On June 17th, several renowned experts in the field of “Open Innovation” participated in our online panel discussion on this very topic.
In order to remain competitive, Europe must continue to consciously invest in innovation. By doing so, it will promote the positive attributes of liberal democracies whilst also improving the welfare state. This is particularly important now that Europe is faced with the increased rise of populist movements which jeopardise these democracies.
Beyond that, Europe must be conscious of climate change. As Ms Nicola Beer, VP of the EU Parliament pointed out: “liberal democracies need to create a framework which fosters innovation through cooperation and education to tackle climate change”.
Europe needs to be a leader in innovation whilst ensuring no one is left behind. For this to become a reality, Europe must create the necessary frameworks that can foster such innovation while retaining the talent we currently have.
Another element that must be taken into account is unemployment. Data indicates that in the coming years, unemployment may increase, so in Ms Nicola Beer’s opinion, Europe must be innovative in creating new opportunities and wealth in different fields. Re-education and collaboration will be two key aspects in ensuring the success of this.
Mr Theo Lynn, Professor at DCU believes that we should be discussing “more than just open innovation, we should talk about open collaboration”. He explains that this may be “difficult because we will be collaborating with externals. I am sceptical about keeping control of intellectual property. So, from my perspective give knowledge and free licenses to people to use the IP and get them to the market”.
Education was mentioned several times. The panellists agreed that it must be fostered through innovation and structural changes. As Ms Oana-Maria Pop said: “the educational component is essential, but much more important for innovation is collaboration. Collaboration has two aspects: cooperation & coordination”.
Mindset was also widely discussed, an area which Ms Nicola Beer argues is related to education. She explains that “we should not think only about the risks when making decisions, more about opportunities. That is why mindset is so important: we need to work more in the potential and opportunities”.
It is understandable that open innovation is slowly becoming a reality because the societies do not have the know-how yet. However, institutions are making progress and will not return to the starting point.
Legislation regarding innovation is key. Ms Magda Krakowiak explained that “technology growth is exponential nowadays. The European Union should focus on creating more simple legislation regarding patterns, to be more competitive”. Open innovation is about the culture of sharing and collaborating and though we are making progress, we still have a long way to achieve it. Ms Magda Krakowiak commented that “data should be available to be exploited for others, especially in projects funded by the European Union”.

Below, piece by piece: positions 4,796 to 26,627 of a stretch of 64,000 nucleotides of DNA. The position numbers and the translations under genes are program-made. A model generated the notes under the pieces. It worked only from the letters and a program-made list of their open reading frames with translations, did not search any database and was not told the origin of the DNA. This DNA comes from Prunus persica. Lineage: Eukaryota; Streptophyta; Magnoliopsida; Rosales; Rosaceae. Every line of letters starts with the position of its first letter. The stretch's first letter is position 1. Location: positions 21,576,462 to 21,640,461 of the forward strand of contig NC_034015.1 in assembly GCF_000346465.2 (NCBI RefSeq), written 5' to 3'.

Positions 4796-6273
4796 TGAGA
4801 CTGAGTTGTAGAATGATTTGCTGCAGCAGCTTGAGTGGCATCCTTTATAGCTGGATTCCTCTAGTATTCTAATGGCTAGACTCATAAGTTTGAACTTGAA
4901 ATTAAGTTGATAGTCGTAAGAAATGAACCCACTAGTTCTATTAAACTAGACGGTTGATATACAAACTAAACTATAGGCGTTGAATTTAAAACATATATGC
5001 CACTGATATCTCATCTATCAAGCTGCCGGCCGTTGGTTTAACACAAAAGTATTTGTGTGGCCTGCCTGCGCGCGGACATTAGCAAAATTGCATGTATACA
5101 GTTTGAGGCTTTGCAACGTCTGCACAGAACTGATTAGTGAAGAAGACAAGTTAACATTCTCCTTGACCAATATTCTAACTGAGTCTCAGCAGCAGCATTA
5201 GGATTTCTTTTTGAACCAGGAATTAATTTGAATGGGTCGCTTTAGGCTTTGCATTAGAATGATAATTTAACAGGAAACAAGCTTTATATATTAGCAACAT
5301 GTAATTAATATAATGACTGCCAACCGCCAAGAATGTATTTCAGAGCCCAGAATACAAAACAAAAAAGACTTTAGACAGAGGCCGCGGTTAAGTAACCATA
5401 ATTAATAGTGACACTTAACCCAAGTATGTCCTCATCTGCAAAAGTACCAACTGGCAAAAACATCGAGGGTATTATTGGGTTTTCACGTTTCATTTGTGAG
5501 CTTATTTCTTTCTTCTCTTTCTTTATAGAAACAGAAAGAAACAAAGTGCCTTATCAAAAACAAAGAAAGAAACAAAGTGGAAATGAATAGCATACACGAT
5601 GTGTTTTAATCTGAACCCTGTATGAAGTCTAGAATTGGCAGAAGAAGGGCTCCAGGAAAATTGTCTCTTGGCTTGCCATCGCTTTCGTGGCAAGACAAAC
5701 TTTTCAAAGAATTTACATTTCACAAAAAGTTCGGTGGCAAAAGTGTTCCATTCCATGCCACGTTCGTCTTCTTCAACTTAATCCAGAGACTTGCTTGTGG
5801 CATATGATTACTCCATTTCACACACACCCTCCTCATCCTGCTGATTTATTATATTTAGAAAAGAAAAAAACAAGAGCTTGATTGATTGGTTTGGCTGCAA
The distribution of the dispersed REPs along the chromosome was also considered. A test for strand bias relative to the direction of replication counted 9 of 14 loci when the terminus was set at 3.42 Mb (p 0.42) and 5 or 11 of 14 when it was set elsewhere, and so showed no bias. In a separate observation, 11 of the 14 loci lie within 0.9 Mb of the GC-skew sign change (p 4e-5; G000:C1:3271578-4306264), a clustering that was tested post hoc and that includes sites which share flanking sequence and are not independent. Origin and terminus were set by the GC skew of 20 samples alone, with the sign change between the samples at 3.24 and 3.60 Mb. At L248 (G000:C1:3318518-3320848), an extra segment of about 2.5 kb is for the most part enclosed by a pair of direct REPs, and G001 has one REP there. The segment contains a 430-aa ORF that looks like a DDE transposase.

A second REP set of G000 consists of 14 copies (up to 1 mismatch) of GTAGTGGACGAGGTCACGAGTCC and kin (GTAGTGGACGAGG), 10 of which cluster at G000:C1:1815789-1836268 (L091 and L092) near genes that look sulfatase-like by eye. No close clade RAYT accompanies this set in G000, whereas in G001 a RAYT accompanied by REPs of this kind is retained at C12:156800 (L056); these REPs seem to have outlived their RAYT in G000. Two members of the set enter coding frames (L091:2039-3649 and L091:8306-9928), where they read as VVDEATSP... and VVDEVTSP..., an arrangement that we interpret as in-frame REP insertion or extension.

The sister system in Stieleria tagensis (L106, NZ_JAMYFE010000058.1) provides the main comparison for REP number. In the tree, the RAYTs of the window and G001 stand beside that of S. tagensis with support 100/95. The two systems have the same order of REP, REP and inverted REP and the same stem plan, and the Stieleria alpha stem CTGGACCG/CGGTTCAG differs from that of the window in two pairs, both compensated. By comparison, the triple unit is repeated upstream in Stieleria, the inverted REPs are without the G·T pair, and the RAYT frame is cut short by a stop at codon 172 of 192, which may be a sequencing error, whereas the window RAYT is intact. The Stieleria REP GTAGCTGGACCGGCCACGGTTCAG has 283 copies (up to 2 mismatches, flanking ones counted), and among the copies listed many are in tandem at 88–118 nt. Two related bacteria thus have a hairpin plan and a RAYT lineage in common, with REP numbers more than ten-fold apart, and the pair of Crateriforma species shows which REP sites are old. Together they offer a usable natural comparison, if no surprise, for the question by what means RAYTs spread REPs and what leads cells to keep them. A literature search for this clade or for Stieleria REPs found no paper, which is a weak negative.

Ms Krakowiak explains that the societies are still facing barriers in achieving open innovation: “I think that still as a society we do not understand what innovation is about, we make inventions with innovation, creating something new, but sometimes innovations are very simple, they do not have to be costly, and they can have a far-reaching impact”.One astute observation made by Ms Magda Krakowiak added a huge amount to this discussion: “research is when you take money and you translate it into knowledge, but innovation is when you take knowledge, and you translate it into money. We are talking about commercializing to create growth, not inventing new things”.
Ms Aurelia Engelsberger highlighted that most of the companies consider themselves innovative, emphasising this greatly on their websites. However, when you ask the details or the strategy or how they measure the success of open innovation implementation they are rarely able to offer an appropriate response. “The mindset and infrastructure are too important, as well as having the correct leadership and a holistic scope because the employees, in the end, exchange the knowledge. We need to reduce those fears or negative attitudes towards open innovation through open innovation and show them the benefits, including the individual ones. Again, education plays a central role in developing a mindset”.
To conclude the discussion, speakers highlighted the key role innovation must play in maintaining the democratic systems throughout the EU and its importance in tackling climate change which is one of the main challenges our world is facing.
The successful implementation of innovation and the investment in research will shape the future of Europe.
We would like to thank all panellists for this fruitful conversation, and we hope to see them all soon at an in-person event organised by United Europe.
The speakers we had the pleasure to host were:
Ms Nicola Beer, the Vice-President of the EU Parliament.
Ms Magda Krakowiak, creator of high-impact innovation in healthcare
Ms Oana-Maria Pop, Head of Open Innovation at HYPE, PhD
Mr Theo Lynn, Professor of Digital Business at DCU Business School in Dublin
Ms. Aurelia Engelsberger, CEO and Founder of OMIND Consulting, Open Innovation and HR Researcher, PhD
Please find the recording of our discussion here.